In the dead of a Chicago winter, all any of us can think about is the sun and warmth of summer, all the long days and warm breezes made for outdoor adventures. And then once it’s here, we remember how oppressive the temps can be, how even a day on the beach can sometimes take more effort than its worth. Thankfully, the city’s cinemas and movie-centric communities have us covered, with film festivals, networking events and, if you must, outdoor screenings. Here’s what we’ve got our eye on in August.
Black Harvest Film Festival —Returning for its 25th edition, Gene Siskel Film Center’s Black Harvest Film Festival runs throughout August featuring dozens of films (short and feature-length, narrative and documentary) from, by and about the black experience. A decent portion of the selected films have Chicago and Midwestern ties, including the opening night program featuring five world premiere short films from regional filmmakers. The month-long celebration culminates on August 29 with a special anniversary screening of Spike Lee’s Crooklyn (pictured above). Tickets and a full schedule are available here.
Rise + Shine at Stage 18 — Located inside Cinespace Film Studios on the southwest side, Stage 18 is a filmmaker-centric membership organization designed to foster networking and collaboration among Chicago’s creative professionals. On August 8, they open their doors to “unite Chicago’s womxn filmmakers” with Rise + Shine, a co-working and camaraderie event focused breakfast and connection. The inclusive nature of the event (“womxn/girls/ladies/females/femmes/moms/thems/y’alls/babes…”) is enough to make it intriguing; with presenters including Mezcal Media Collective and Women of the Now, it’s sure to be informative, too. Learn more and get tickets here.
Destroy Your Art — This entirely unique event is part film screening, part performance art and part party, all of which add up to one not-to-miss night. Now in its third year, the brainchild of filmmaker Jack C. Newell and film programmer Rebecca Fons invites five Chicago filmmakers to create a short film (5 minutes or less) that will screen the night of the event…and then never again. Immediately after the film ends, the filmmaker literally destroys their art; this year, the method of destruction is on fire, literally: it’s a blowtorch. Come for the event’s take on the ephemeral state of art, stay for an after-party celebrating the best of Chicago’s independent film scene. More information and tickets are available here.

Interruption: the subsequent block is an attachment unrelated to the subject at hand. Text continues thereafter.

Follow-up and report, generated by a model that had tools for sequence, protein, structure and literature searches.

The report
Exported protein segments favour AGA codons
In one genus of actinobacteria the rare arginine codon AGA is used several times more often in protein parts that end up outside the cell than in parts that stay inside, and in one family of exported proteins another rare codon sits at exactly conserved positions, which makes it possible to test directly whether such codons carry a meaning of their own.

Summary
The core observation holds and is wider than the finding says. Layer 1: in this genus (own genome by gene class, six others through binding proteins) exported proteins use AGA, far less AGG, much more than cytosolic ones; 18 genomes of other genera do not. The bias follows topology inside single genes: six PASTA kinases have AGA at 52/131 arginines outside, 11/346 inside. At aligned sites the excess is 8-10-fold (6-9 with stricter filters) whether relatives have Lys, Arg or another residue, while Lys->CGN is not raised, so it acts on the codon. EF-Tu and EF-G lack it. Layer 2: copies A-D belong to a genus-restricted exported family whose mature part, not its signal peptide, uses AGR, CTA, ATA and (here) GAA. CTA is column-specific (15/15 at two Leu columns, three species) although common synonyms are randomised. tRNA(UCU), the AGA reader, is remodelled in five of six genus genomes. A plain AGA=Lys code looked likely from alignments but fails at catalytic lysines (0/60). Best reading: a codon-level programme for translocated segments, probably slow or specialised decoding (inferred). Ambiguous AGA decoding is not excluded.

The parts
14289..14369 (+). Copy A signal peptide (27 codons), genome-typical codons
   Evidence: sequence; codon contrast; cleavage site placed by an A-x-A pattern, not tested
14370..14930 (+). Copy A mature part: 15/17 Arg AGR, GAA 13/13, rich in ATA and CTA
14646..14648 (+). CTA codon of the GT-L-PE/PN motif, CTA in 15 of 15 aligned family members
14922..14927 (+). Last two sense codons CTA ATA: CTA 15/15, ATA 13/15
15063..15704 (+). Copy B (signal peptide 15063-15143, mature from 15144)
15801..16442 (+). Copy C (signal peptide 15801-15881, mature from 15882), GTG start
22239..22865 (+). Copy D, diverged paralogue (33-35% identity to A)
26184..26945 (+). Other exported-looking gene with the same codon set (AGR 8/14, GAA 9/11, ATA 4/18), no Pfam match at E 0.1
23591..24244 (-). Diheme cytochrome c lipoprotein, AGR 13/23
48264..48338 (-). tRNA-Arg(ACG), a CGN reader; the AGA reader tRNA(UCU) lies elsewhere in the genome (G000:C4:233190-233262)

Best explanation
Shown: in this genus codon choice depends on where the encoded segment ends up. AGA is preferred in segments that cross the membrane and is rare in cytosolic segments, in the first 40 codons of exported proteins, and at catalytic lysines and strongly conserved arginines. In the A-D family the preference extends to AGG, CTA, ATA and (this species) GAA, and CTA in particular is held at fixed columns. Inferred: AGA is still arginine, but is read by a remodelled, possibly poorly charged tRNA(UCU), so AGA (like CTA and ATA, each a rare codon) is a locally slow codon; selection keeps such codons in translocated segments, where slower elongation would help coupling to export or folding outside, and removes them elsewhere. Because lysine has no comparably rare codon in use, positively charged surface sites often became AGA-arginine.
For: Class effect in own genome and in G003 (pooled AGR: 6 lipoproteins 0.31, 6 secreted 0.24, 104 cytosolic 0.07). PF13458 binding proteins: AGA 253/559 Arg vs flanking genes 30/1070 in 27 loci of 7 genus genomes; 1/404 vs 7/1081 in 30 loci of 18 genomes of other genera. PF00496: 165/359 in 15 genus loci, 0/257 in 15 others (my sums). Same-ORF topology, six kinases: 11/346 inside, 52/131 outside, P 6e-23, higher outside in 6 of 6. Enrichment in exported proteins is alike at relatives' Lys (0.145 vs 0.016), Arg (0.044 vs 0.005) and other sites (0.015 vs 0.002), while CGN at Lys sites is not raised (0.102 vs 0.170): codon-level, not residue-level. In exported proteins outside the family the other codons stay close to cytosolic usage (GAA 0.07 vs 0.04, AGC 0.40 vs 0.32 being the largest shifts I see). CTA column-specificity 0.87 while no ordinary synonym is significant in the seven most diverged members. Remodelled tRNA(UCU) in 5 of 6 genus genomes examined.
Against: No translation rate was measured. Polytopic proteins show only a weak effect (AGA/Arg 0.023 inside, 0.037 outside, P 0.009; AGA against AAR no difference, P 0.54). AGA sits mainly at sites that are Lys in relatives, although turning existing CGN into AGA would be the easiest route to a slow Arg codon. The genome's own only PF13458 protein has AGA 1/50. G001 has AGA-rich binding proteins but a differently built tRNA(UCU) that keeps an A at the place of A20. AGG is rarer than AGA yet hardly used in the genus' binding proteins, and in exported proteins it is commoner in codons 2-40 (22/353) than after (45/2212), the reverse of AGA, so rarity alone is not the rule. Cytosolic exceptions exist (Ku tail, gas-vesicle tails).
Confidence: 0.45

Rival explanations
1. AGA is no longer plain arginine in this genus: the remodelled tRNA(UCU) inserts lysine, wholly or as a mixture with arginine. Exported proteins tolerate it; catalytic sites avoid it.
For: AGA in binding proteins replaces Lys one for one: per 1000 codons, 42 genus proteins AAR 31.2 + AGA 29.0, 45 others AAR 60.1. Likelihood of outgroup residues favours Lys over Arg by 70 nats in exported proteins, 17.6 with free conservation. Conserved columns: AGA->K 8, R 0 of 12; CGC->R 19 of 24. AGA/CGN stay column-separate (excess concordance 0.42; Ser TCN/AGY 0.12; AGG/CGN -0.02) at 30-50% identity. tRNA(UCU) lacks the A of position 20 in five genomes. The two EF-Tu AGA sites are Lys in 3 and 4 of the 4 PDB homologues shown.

Damaged Goods at Comfort Film — The film programmers at Comfort Station, the arts and gallery space in the heart of Logan Square, present free (donations encouraged) screenings every Wednesday night, and on August 14 they’ll host a six-episode screening of a new web series, Damaged Goods. Directed by Vincent Martell, who co-wrote with Zak Payne and K.B. Woodson, the series follows four Chicago roommates as they grapple with a loss of self-identity and the ensuing uncertainties. Get all the details of the screening at the event listing here.
Music Box Theatre’s 90th Anniversary — The famed movie house on Southport Avenue first opened its doors on August 22, 1929 and ninety years later, they’re celebrating the milestone with a week of special screenings and events. Stop by on Thursday, August 22 for a 35mm screening of Innocents of Paris, an early “talkie” that would’ve been one of the first films the theater screened, or stay all night for the “Dolly Parton 9 to 5er,” a bit of ingenious programming that slates some of Parton’s best and most fun films back to back from 9pm to 5am. The week wraps up with an Audience Choice double feature, screening The Terminator and Robocop back-to-back and on 35mm. More on the iconic theater’s 90th Anniversary programming is online here.
Movies In the Parks — Summer may be waning (didn’t it just get here?), but the free outdoor screenings presented across the city by the Chicago Park District continue for weeks to come. August highlights include family friendly fare like Monsters University and A Wrinkle in Time to classics like Meet Me in St. Louis and The Wizard of Oz. With screenings all over the city on essentially any night of the week, there’s no reason to sit at home and queue up another Netflix original. Grab a lawn chair, pack a picnic and make a night of it. The full list of film screenings is available online here.
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